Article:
This is the second Eliezer Yudkowsky book I've read so far, requiring more than fifty hours to complete. The previous one was the famous/infamous HPMoR. Hopefully, I'll also translate my review to that one on this blog. However, let's focus on the book at the question.
Many know Eliezer by his input into the world of rationality at LessWrong. Some know him as an AI researcher. I now know him as someone who lost his way somewhere in the sophistic method a while ago (or even never found the way to simplicity in the first place). After studying his primary manuscripts, I now know precisely why the general population seems to hate the LessWrong community, Eliezer himself and the rationality crowd.
At first, I blamed the hate on the haters — after all, it's so easy to despise something for no reason or if you don't understand it. However, now I see the main reason people are inclined to reject the rationality club as elitist in a terrible way.
An average person can't decipher the articles published on LessWrong. People don't understand Eliezer because he doesn't put enough effort into explaining the concepts in simple, concise, and brief ways. But he surely can do this!
For instance, the three main concepts that I've taken down after spending over a hundred hours studying the author's materials are:
- The planning fallacy is vital for not just estimating the timeframes for tasks.
- Two rationalists can never "agree to disagree" because if you have the same inputs, you will always have the same outputs.
- Eastern fiction theme of first having someone to protect, as opposed to the western fiction of first gaining power and then "saving the world."
All three concepts occupy very little space in the books — yet I remember them so vividly and even use them in everyday life. On the other hand, the rest of my time was probably spent in vain, unfortunately.
But, again, I'm pretty biased here, having written a book on rationality myself and having learnt most of the concepts explained by the author a while ago. It felt a bit boring, especially considering how Eliezer repeated himself so many times — making the same mistake of over-complicating the explanations.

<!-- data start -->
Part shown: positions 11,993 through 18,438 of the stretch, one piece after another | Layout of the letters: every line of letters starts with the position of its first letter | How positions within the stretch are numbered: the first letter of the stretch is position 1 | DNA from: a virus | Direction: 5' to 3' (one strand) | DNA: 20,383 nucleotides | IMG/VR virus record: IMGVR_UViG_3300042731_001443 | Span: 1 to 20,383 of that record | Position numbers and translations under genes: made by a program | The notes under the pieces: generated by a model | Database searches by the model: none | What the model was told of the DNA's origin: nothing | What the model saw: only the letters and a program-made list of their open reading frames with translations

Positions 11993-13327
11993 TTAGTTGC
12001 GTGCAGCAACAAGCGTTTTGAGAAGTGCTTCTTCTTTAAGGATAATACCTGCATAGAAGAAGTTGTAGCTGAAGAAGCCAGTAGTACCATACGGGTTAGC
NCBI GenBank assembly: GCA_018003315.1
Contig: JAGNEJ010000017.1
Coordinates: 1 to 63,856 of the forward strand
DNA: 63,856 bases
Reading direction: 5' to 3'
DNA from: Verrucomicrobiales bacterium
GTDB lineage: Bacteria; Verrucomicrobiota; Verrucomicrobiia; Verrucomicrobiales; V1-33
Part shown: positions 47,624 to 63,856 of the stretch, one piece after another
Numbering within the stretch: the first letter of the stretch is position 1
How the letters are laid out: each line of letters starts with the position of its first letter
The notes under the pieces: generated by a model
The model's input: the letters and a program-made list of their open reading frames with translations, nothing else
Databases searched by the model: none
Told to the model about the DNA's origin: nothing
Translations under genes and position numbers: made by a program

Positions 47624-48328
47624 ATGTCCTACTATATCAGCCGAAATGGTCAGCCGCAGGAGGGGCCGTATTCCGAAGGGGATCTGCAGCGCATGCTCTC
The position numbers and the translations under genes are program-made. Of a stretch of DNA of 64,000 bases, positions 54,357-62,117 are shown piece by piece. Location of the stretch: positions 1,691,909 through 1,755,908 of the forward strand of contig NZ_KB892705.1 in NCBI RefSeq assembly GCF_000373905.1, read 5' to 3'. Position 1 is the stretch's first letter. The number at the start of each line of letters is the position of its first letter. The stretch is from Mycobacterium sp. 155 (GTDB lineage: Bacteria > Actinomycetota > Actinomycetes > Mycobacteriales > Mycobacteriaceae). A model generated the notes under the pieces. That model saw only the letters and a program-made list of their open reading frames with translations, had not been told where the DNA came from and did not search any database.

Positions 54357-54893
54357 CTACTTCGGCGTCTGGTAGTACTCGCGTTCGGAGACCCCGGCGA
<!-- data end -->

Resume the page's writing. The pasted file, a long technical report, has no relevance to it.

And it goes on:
And this is my main criticism of Eliezer, LessWrong and the rationality community: stop over-complicating stuff. People don't have time to read your six thousand-word essays on how you should wait five minutes before proposing solutions to a non-trivial problem.
If you can explain a concept in less than a tweet — you should explain it in less than a tweet. There is no need to expand your explanation any further than needed. There is no need to pick complicated examples over simple ones.
Just like when the truth doesn't make anything worse by being revealed — the fact doesn't become truer when explained more shortly. It only becomes more accessible and easier to accept by the general public.
Overall, I firmly believe that the author can shorten the whole book by 95% and still bring the same value to the public. The sheer number of concepts presented is not that large!
Would I recommend anyone read "Rationality: From AI to Zombies"? Nope. Actually, now I wouldn't even recommend reading LessWrong. I now see how trying to explain things better has hurt rationality in the world.
Instead of trying to sound wise (funny thing is, Eliezer actually points this one out in one of the sections) by overcomplicating the lingo and prolonging the explanation, the author should take a page from the people he respects the most — bright minds from the Cognitive Psychology field.
Just think of how well Kahneman or Baumeister explain stuff to the audience. Do this. Don't do "Rationality: From AI to Zombies" again, kids.